Iran will not accept any limitations on its missile program, Defense Minister Hossein Dehghan said on December 16 after United Nations experts concluded Tehran had violated UN missile sanctions by testing an Emad rocket.
"We tested Emad to show the world that the Islamic Republic will only act based on its national interests and no country or power can impose its will on us," Dehghan said on the ministry's website.
Dehghan called Emad a "conventional missile," repeating Iran's contention that the projectile was not designed to carry nuclear weapons and Iran does not intend to use it that way.
"Since the nuclear deal we have not stopped our [missile] tests, production and research even for a day, an hour or a second," he added.
Iran insists a missile must be specifically "designed" to carry a nuclear payload, not simply "capable of" doing so, to be in violation of UN Security Council Resolution 1929, which prohibits Tehran from launching ballistic missiles that can deliver nuclear weapons.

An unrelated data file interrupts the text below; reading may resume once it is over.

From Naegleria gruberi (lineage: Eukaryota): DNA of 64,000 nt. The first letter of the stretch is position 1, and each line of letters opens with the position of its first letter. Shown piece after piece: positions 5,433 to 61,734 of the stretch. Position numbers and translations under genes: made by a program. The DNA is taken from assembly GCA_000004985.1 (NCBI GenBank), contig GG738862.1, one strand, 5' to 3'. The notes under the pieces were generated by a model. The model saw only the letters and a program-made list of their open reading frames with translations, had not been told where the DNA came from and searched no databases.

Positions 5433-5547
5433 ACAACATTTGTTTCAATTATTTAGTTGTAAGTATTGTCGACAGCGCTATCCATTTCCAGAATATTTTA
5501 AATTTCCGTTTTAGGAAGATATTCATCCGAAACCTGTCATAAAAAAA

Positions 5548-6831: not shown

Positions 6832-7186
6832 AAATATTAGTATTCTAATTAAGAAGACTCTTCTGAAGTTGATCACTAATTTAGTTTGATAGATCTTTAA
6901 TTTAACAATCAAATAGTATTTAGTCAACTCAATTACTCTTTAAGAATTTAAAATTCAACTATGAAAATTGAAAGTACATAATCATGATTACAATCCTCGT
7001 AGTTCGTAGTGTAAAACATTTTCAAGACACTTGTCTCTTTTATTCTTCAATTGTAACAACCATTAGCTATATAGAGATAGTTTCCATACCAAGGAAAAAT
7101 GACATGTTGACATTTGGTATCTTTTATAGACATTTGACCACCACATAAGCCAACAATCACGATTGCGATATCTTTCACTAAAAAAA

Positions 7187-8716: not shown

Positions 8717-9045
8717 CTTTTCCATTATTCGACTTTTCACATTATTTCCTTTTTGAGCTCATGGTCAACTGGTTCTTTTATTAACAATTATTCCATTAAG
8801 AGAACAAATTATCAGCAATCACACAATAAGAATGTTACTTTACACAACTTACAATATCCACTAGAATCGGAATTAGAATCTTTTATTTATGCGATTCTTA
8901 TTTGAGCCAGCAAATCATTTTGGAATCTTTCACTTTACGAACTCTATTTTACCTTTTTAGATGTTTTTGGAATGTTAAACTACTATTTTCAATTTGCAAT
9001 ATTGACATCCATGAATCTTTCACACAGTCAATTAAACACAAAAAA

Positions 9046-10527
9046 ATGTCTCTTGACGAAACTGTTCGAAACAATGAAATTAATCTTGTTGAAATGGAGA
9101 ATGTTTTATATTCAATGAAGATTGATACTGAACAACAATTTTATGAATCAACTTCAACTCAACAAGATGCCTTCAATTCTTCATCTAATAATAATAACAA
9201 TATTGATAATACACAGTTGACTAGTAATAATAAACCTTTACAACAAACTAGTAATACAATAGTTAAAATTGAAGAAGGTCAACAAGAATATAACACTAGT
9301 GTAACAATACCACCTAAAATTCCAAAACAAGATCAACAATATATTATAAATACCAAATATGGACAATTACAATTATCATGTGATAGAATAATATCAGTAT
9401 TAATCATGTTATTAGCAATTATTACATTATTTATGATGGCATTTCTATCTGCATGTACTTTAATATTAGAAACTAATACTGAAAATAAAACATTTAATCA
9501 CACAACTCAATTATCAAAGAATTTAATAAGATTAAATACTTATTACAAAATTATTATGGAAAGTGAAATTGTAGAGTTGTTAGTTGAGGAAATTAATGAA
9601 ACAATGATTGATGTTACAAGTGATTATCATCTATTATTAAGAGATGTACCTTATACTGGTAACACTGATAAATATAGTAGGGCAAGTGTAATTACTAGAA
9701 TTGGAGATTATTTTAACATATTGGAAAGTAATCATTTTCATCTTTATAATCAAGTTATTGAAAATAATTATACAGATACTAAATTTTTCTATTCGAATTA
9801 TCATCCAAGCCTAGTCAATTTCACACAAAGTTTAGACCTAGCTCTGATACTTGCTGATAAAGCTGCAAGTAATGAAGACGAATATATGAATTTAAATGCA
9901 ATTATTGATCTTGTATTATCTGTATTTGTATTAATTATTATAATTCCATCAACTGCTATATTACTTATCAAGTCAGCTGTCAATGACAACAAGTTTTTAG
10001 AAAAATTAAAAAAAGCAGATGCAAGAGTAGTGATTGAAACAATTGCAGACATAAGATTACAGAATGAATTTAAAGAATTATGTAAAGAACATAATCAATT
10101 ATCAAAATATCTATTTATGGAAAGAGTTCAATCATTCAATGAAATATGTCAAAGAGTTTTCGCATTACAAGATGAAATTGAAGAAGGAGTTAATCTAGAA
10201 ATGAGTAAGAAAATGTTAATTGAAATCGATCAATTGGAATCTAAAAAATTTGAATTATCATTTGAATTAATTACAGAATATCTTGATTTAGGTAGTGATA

The Council's panel of experts on Iran determined otherwise, however, concluding that Iran's October 10 missile test violated the resolution.
The United States has vowed to push for enforcement of the sanctions, along with Britain, Germany, and France. Russia and China have been reluctant to enforce the missile sanctions, however.
Most U.S. Republican senators on December 16 cited the UN report finding Iran in violation as evidence of Iran's "blatant disregard" for international obligations and said the United States should not lift economic sanctions on Tehran next year as called for under a July nuclear agreement with world powers.
"It is a mistake to treat Iran's ballistic missile program as separate from Iran's nuclear program," 36 of the U.S. Senate's 54 Republicans said in a letter to President Barack Obama.
The senators said the ballistic missiles that Iran is testing will enhance Tehran's ability to target Israel and U.S. troops in the region. Iran has one of the largest missile programs in the Middle East.